they are destructive in nature.
“You have to rely on starting an experiment with many samples,
assuming that they all develop in similar ways and sacrificing a number of samples
at distinct time-points to determine the status of the population,” Georgakoudi
The Tufts group is working to develop optical techniques to obviate
this issue. In a recent PLoS One paper, they reported on the use of two-photon excited
fluorescence (TPEF) and second-harmonic generation (SHG) for noninvasive quantitative
monitoring of the differentiation of human stem cells, relying solely on endogenous
sources of contrast. TPEF has proved advantageous in characterizing cell viability,
morphology and proliferation in excised as well as engineered tissues. SHG has enabled
imaging of cellular collagen deposition and extracellular matrix remodeling during
culture, for example.
Another group has applied two-photon excited fluorescence (TPEF)
in seeking better approaches to developing skin equivalents. Shown are endogenous
TPEF images of mesenchymal stem cells in propagation medium (left), osteogenic medium
(center) and adipogenic medium (right) for approximately 20 days. TPEF collected
at 765- and 850-nm excitation was analyzed to extract NADH, FAD and lipofuscin contributions,
represented by red, green and blue hues, respectively. Courtesy ofIrene Georgakoudi,
Department of Biomedical Engineering, Tufts University.
By tracking intrinsic cellular fluorophores – using widely
accessible instrumentation and simple data analysis methods – the researchers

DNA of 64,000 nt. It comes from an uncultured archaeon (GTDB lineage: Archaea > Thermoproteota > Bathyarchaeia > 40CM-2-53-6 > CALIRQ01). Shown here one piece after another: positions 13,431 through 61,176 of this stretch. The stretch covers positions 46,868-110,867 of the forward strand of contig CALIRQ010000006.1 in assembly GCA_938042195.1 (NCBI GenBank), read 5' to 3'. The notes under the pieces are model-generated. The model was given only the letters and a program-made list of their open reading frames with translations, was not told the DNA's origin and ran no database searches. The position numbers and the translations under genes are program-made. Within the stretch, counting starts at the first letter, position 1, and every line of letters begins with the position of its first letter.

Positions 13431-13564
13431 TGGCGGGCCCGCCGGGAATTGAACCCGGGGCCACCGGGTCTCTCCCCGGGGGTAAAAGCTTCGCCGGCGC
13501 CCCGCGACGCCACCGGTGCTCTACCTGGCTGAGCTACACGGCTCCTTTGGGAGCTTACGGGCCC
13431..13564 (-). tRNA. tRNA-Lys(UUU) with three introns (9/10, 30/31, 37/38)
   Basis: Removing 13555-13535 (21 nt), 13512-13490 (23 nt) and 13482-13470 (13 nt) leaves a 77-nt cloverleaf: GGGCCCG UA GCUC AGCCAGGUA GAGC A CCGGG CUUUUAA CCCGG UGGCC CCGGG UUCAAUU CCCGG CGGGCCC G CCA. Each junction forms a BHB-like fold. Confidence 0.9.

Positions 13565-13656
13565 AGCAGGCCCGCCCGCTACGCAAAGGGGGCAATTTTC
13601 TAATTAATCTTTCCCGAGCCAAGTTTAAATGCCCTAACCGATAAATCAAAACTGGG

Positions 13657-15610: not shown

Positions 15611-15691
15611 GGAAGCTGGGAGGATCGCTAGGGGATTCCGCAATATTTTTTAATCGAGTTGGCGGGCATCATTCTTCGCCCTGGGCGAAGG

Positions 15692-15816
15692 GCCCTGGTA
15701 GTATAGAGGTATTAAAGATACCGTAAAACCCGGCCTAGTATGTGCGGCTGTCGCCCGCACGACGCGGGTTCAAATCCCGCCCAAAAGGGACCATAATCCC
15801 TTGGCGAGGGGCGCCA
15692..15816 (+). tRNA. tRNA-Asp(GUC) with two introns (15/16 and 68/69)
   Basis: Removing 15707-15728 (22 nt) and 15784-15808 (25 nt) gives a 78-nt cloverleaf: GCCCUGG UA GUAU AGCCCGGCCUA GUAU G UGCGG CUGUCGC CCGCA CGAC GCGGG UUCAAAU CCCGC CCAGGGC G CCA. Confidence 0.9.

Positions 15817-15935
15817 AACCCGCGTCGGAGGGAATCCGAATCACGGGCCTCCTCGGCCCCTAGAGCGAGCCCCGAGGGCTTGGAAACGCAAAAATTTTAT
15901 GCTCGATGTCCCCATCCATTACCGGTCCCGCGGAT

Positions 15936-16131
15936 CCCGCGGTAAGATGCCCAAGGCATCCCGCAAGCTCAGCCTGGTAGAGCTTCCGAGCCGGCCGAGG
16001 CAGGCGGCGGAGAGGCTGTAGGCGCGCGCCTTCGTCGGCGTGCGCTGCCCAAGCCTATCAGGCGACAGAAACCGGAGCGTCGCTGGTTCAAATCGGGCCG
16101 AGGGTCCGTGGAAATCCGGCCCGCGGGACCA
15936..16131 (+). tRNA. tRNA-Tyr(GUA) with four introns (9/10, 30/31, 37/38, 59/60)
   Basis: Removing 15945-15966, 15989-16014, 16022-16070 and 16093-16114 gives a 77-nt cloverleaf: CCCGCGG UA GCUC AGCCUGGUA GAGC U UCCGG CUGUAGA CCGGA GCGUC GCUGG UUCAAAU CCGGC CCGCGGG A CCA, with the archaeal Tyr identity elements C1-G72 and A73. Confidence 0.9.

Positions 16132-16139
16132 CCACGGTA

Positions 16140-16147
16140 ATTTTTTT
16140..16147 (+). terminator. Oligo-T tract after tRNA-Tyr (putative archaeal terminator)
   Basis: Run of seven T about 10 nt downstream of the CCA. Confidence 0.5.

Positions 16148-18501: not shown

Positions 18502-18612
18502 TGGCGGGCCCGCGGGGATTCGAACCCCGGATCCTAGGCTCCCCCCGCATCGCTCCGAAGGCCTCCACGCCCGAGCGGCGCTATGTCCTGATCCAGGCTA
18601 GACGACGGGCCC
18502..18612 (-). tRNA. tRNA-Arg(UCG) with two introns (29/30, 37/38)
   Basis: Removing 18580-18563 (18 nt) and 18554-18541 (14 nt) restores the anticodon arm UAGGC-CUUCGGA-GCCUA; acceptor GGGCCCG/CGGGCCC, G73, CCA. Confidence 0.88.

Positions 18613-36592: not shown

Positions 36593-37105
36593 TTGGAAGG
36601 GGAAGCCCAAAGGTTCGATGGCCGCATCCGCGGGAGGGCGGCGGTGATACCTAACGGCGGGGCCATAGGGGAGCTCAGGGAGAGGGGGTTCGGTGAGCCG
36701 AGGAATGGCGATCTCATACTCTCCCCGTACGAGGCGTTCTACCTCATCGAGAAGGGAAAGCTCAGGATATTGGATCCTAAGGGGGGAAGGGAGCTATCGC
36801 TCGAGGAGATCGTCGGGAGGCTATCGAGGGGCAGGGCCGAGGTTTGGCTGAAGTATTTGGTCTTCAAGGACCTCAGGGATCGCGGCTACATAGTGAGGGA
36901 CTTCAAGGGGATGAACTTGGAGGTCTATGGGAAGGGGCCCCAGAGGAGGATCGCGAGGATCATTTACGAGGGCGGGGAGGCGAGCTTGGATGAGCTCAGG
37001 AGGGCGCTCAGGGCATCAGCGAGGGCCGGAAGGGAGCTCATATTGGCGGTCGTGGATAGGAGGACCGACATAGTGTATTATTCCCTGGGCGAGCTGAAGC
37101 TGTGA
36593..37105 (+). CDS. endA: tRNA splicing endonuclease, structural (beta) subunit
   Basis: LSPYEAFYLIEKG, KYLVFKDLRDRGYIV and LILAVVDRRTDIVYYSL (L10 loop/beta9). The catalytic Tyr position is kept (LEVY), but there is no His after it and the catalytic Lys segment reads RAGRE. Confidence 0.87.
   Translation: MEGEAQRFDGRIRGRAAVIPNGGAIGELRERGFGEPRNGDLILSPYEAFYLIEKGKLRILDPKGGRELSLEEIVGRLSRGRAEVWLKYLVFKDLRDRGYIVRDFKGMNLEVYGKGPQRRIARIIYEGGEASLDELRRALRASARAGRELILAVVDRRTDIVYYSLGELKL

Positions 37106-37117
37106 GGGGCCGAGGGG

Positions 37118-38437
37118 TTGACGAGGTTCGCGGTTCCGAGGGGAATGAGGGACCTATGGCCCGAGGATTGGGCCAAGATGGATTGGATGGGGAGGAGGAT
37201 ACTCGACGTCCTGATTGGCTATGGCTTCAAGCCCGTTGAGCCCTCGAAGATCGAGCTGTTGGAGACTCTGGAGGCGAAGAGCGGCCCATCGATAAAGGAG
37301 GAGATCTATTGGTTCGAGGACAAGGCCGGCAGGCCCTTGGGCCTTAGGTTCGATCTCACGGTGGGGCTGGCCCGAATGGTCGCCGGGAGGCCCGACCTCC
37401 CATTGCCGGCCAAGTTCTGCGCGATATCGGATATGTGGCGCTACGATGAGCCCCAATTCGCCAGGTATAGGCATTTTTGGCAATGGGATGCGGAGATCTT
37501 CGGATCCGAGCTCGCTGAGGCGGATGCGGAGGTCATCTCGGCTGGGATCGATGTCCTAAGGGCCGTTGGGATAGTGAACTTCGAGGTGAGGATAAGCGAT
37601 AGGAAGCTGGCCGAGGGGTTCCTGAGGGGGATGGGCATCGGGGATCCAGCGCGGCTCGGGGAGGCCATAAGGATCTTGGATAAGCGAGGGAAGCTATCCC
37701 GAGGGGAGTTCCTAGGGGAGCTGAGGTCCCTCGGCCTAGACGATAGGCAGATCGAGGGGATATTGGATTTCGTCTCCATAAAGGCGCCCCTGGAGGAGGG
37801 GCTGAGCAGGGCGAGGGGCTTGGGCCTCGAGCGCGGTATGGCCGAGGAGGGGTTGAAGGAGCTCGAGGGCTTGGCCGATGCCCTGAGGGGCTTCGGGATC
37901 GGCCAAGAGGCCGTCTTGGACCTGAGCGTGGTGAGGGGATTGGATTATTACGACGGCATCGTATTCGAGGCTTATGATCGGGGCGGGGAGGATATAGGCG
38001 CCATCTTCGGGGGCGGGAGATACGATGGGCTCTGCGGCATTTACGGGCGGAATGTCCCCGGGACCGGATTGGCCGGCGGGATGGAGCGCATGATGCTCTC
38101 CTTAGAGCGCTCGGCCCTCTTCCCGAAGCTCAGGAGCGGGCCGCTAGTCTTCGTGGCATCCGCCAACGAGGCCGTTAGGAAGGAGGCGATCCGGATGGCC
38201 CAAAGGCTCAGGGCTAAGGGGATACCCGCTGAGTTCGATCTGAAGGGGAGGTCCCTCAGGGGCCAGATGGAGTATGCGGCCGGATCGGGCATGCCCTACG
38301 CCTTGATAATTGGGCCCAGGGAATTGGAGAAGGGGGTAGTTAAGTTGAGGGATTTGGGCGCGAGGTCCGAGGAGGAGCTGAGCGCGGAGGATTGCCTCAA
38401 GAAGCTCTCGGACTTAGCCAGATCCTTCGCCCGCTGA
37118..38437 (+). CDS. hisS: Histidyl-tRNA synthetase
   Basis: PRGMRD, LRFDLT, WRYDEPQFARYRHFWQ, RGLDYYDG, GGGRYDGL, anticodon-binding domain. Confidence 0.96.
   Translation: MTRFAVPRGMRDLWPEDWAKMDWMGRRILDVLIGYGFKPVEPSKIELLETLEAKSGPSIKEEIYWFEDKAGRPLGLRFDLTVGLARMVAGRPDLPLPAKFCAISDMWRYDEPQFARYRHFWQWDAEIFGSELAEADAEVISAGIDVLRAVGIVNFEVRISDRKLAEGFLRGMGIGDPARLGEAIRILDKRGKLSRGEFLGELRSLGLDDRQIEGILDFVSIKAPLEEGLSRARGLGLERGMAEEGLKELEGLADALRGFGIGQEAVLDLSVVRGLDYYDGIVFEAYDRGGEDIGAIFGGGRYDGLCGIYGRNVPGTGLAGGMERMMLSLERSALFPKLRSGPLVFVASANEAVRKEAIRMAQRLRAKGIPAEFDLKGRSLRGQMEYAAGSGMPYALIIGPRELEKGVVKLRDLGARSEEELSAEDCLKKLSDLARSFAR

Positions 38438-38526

showed that they could follow differentiation and other parameters in cultures of
human stem cells, demonstrating the potential of the techniques for monitoring engineered
The study wasn’t without challenges, however. “We
had worked on endogenous fluorescence of epithelial cells in the past,” Georgakoudi
said. “The natural fluorescence of those cells is really dominated by NADH
and FAD in the excitation/emission wavelength regimes we examined. However, it became
clear with our stem cell populations that there was at least one more chromophore
that had bright fluorescence and was affecting our ability to monitor FAD, NADH
and their corresponding ratio (the redox ratio), which we were after.”
Identifying the third chromophore and determining how it optically
interfered with NADH and FAD required acquisition and analysis of full spectral
images and additional assays, she noted.
The researchers continue to develop their approach. Currently,
they are working on 3-D tissues with cells embedded in scaffolds.
“In some of our studies, we use two different populations
of cells (endothelial cells and stem cells),” Georgakoudi said. “Coming
up with ways to monitor changes within the different populations of cells and the
scaffolds are immediate issues we need to address.” She added that they plan
to begin in vivo studies within the next couple of years.